# extrapolation

[ik-strap-uh-ley-shuh n] /ɪkˌstræp əˈleɪ ʃən/
noun
1.
an act or instance of inferring an unknown from something that is known.
2.
Statistics, Mathematics. the act or process of estimating the value of a variable or function outside the tabulated or observed range.
Origin of extrapolation
1870-1875
1870-75; extrapolat(e) + -(t)ion
Dictionary.com Unabridged
Based on the Random House Dictionary, © Random House, Inc. 2015.
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Examples from the Web for extrapolation
Historical Examples
• Abolish, now, one of the percipients, and the interpolation changes into ‘extrapolation.’

William James
• You claim that you actually guessed where that ship was going to be, but you followed the computer's extrapolation instead?

Gordon Randall Garrett
• An extrapolation from the fact that there was vegetation below.

William Fitzgerald Jenkins
• The last three values are those obtained by extrapolation with platinum-rhodium and platinum-iridium couples.

• Abolish, now, one of the percipients, and the interpolation changes into 'extrapolation.'

William James
Word Origin and History for extrapolation
n.

by 1867, from extra- + back half of interpolation; original sense was "insert intermediate terms in a mathematical series." Transferred sense of "drawing a conclusion about the future based on present tendencies" is from 1889. Cf. extrapolate.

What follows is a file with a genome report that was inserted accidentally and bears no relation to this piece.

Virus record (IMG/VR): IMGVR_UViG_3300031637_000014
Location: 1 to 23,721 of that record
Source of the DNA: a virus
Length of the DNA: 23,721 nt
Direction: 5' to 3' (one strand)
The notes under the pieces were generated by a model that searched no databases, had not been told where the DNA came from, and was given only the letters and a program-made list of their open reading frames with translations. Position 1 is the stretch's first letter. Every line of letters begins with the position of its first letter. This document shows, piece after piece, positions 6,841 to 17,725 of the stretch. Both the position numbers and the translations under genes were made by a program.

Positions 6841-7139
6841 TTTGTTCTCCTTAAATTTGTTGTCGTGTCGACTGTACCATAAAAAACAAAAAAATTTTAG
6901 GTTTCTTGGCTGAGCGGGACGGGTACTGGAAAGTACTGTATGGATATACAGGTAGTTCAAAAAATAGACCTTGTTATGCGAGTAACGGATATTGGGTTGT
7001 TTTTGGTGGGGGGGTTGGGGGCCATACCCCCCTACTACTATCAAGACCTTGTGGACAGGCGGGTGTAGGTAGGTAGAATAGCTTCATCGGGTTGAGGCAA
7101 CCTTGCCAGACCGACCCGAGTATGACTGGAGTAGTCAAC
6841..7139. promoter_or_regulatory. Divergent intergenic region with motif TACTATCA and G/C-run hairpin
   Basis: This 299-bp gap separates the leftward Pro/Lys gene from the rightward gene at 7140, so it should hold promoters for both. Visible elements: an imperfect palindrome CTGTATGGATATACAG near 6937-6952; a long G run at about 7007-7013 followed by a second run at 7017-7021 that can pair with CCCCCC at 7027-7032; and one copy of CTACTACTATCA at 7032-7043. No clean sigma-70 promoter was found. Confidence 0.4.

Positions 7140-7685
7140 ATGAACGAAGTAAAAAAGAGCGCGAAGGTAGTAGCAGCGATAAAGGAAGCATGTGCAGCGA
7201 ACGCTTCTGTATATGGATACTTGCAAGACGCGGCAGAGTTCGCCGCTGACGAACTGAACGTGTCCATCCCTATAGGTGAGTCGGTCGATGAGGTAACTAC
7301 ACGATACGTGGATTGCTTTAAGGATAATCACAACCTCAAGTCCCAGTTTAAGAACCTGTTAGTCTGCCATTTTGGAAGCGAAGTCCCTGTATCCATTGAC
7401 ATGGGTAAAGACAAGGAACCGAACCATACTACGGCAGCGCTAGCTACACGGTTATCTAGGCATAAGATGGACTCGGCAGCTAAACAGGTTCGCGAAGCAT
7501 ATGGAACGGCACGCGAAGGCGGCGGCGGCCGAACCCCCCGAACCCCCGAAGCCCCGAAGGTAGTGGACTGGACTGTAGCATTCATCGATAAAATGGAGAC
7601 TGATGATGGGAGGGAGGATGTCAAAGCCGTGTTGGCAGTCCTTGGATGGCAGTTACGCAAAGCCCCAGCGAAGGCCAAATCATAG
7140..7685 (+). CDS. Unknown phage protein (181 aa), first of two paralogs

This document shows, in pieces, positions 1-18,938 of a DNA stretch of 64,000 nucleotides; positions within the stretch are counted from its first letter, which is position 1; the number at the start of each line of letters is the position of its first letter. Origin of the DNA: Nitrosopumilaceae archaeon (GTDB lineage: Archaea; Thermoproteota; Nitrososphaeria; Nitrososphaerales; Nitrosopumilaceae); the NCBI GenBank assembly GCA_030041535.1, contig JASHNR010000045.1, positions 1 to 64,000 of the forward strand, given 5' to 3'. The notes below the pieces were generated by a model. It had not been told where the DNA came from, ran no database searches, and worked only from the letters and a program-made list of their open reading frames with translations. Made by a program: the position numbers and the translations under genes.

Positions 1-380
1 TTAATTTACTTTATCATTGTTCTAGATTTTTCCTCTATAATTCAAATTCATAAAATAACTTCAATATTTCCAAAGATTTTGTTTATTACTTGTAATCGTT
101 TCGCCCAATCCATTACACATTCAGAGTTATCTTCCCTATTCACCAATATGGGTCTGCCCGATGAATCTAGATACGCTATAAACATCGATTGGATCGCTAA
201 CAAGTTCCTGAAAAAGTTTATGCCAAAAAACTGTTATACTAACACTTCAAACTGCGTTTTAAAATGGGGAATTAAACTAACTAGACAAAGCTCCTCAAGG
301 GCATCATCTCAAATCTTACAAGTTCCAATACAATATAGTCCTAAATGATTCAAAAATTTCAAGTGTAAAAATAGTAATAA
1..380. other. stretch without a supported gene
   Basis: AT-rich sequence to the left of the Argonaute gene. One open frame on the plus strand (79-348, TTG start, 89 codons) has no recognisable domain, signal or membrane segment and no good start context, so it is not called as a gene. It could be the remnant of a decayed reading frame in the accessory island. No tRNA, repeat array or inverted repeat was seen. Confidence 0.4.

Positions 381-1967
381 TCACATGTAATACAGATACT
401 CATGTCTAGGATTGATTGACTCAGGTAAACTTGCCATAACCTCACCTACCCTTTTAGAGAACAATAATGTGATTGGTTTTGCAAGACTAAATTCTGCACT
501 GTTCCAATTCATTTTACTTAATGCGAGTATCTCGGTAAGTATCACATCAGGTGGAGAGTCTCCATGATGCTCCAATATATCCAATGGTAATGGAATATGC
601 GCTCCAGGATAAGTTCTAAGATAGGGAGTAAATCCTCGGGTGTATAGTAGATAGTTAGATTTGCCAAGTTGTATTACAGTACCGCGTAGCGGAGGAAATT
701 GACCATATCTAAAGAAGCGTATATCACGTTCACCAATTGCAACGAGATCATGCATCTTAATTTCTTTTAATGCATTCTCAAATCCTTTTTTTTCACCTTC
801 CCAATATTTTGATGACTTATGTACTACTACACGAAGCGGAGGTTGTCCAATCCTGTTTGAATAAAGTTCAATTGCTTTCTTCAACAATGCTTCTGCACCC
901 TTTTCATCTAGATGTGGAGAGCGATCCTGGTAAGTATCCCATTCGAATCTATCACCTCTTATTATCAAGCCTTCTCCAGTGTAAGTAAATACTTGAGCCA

Online Etymology Dictionary, © 2010 Douglas Harper
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extrapolation in Culture
extrapolation [(ik-strap-uh-lay-shuhn)]

A mathematical procedure designed to enable one to estimate unknown values of a parameter from known values. A common method of extrapolation is to look at data on a curve, then extend the curve into regions for which there is no data. Extrapolation is often used to predict the future.

The American Heritage® New Dictionary of Cultural Literacy, Third Edition
Copyright © 2005 by Houghton Mifflin Company.
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extrapolation in Technology

mathematics, algorithm
A mathematical procedure which estimates values of a function for certain desired inputs given values for known inputs.
If the desired input is outside the range of the known values this is called extrapolation, if it is inside then it is called interpolation.
The method works by fitting a "curve" (i.e. a function) to two or more given points and then applying this function to the required input. Example uses are calculating trigonometric functions from tables and audio waveform sythesis.
The simplest form of interpolation is where a function, f(x), is estimated by drawing a straight line ("linear interpolation") between the nearest given points on either side of the required input value:
f(x) ~ f(x1) + (f(x2) - f(x1))(x-x1)/(x2 - x1)
There are many variations using more than two points or higher degree polynomial functions. The technique can also be extended to functions of more than one input.
(2007-06-29)

The Free On-line Dictionary of Computing, © Denis Howe 2010 http://foldoc.org
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### Word Value for extrapolation

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